This article was originally published in Maclean’s magazine on January 22, 1996. Partner content is not updated.The staff is busy and the seats are nearly full at the Starbucks Coffee outlet on Toronto's Danforth Avenue, even though the windows are still papered over and a "Help Wanted" sign is taped to the front door.
Starbucks Prepares to Invade Toronto
The staff is busy and the seats are nearly full at the Starbucks Coffee outlet on Toronto's Danforth Avenue, even though the windows are still papered over and a "Help Wanted" sign is taped to the front door. On a chilly, midweek morning, the baristas - employees who serve the public - are going through a dress rehearsal for the Seattle-based company's official opening of five new Toronto-area stores on Jan. 20. And the clientele are a discriminating lot. A mother with a stroller orders a tall, no-fat cappuccino. A man with his morning paper calls for a tall latte, no-fat. And a third customer wants a large, no-fat, one-shot latte. Welcome to the world of gourmet coffee shops, a milieu in which the traditional cup of java - one size, one flavor (usually bland), served black or with cream and sugar on the side - is a thing of the past.
But for all the fancy flavors and high prices - coffee prices on the Starbucks menu range from $1.15 to $3.75 - the company's Toronto debut is a story of good, old-fashioned competition. Aggressive and rapidly growing, Starbucks is invading a large, lucrative market that is already well-served by independent and chain-owned gourmet coffee shops, including Second Cup Coffee Co. of Toronto, which has 220 Canadian stores, and Timothy's Coffees of the World, also based in Toronto, with 70 locations in Canada and the United States. With more than 700 stores, including 80 in British Columbia, and 1995 sales of $630 million, Starbucks is the largest specialty-coffee retailer in North America, and the company hopes to have 2,000 outlets by the year 2000. Still, executives at all three chains insist that the market is big enough for everyone. "Our intent is to try to expand the market," says Starbucks chairman Howard Schultz. "We will be trying to convince people, one at a time, that we have something different to offer."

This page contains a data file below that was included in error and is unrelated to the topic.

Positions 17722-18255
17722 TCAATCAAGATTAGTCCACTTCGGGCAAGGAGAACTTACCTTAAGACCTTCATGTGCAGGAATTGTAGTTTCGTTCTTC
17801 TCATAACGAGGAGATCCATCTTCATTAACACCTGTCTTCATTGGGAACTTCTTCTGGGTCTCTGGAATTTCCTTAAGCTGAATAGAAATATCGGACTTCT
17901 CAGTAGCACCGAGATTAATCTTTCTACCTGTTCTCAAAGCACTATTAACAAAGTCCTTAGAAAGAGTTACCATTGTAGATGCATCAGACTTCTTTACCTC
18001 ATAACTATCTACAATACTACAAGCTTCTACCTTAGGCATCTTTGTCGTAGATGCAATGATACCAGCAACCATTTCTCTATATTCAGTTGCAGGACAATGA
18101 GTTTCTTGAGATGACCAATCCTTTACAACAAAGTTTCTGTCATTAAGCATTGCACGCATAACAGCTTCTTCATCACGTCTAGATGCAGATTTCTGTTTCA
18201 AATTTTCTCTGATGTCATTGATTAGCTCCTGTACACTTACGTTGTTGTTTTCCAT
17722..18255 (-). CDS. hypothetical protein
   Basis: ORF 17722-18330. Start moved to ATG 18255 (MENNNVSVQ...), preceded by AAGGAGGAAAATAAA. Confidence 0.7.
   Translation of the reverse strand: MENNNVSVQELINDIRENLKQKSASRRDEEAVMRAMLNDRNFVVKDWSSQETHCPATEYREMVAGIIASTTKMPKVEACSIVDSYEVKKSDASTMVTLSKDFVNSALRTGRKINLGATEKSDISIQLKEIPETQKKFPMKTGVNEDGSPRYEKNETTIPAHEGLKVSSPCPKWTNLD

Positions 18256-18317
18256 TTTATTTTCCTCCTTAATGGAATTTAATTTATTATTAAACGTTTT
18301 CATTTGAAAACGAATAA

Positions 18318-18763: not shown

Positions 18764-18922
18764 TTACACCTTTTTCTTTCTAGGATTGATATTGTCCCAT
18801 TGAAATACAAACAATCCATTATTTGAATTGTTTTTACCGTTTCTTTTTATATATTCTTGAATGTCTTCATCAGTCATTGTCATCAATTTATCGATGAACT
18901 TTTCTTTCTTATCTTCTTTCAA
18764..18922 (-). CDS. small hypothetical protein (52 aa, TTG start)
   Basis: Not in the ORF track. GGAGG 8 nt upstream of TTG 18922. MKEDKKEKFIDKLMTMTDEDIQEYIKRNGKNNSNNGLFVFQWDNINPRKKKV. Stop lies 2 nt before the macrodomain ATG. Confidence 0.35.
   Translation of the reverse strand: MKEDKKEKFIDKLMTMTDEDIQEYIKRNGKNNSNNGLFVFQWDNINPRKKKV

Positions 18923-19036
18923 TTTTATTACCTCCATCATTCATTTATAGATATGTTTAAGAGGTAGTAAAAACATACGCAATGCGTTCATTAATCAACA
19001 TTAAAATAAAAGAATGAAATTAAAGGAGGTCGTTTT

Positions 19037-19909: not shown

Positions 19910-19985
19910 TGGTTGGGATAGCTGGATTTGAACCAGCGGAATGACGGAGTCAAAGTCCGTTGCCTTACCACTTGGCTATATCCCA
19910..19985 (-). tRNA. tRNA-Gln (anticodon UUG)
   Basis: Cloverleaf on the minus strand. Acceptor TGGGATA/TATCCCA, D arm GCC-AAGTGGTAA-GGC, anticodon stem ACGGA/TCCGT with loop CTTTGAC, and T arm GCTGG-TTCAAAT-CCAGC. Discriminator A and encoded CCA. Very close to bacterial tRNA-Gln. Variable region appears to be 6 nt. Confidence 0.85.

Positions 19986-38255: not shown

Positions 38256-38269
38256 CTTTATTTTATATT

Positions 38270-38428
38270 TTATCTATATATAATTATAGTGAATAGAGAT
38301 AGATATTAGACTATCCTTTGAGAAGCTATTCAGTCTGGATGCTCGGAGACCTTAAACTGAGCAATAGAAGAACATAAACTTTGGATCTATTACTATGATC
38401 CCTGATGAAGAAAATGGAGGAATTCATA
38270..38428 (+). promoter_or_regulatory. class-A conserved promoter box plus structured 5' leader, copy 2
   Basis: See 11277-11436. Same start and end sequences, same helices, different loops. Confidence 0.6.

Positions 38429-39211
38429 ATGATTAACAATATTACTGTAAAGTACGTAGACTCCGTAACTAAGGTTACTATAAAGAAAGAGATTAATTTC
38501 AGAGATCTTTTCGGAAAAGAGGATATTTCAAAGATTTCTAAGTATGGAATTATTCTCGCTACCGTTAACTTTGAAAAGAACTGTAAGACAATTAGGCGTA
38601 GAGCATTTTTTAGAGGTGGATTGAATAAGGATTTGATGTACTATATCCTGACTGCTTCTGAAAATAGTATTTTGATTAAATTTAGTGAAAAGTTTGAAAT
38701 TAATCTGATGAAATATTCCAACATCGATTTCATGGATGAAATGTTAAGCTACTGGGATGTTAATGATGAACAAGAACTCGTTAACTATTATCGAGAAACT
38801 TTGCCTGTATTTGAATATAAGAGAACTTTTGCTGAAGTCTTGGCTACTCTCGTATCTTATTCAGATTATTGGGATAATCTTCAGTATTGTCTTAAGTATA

What Starbucks offers, besides coffee and coffee-based drinks, is ambience and experience. Founded in Seattle in 1971, the company initially sold high-quality coffee beans from an open-air farmers market. It began to grow rapidly in the late 1980s after Schultz returned from a trip to Italy with the idea of bringing the warmth and intimacy of that country's espresso bars to the United States. That approach is evident from the decor - muted, earthy colors, high-quality wood trim and soft lighting - that characterizes many of the company's stores. "We have a passionate commitment to creating a wonderful place for people to come to," says Schultz. "People will recognize the environment in our stores."
However, the uninitiated may not recognize many of the items on the menu. Starbucks still sells cups of standard brewed coffee, but the cornerstone of its product line is espresso, the strong, intensely black, often bitter coffee that many Europeans drink from cups that look like oversized thimbles. Blended with steamed and foamed milk, it produces caffé latte; steamed milk, whipped cream and cocoa powder transform it into caffé mocha. One of the costliest items is a 16-ounce cold drink called a frappuccino, a concoction resembling a coffee milkshake, which the company has developed and patented. But as Canadian vice-president Roly Morris points out, the menu is merely a guide. "I can't even tell you the total number of products we offer because people customize their beverages," he says.
As Starbucks prepares for its Toronto invasion, executives at Second Cup and Timothy's insist they are concentrating on their own customers. Second Cup president Alton McEwen says his company, with 100 outlets in the city and total 1995 chain-wide sales of almost $81 million, is the dominant player in the Toronto market. Besides street-level stores, the Second Cup runs takeout coffee bars in commuter stations, hospitals and shopping malls, which are viewed as non-traditional markets. "We're growing rapidly in Toronto," says McEwen. "So irrespective of whether they have 12 or 25 stores here, they're not going to be a large factor." But for all the talk about friendly competition, the two companies sued each other in 1992, eventually settling out of court, over store designs in Vancouver.
For Timothy's, the key to surviving and growing remains the standard cup of fresh-brewed coffee. Rebecca McKinnon, president of the privately held company, which does not release sales figures, says that brewed coffee remains the mainstay of the Toronto market. She adds that Starbucks' espresso-based product could be a short-lived novelty. "It's a different offering," she says. "It will be interesting to see how the city responds."
While the specialty coffee stores inevitably compete against one another, company executives insist that they have grown mainly by luring consumers away from supermarket-style coffee. They contend that they produce a tastier cup of coffee by purchasing high-quality coffee beans, usually straight from the growers, and by imposing tight controls on the transportation, handling and processing of the beans. "Once people taste good coffee, their consumption usually goes way up," says McEwen. "It's a pleasure to drink." As the field becomes more crowded, however, the coffee chains are being forced to fight harder for the right to deliver that enjoyable experience.
Maclean's January 22, 1996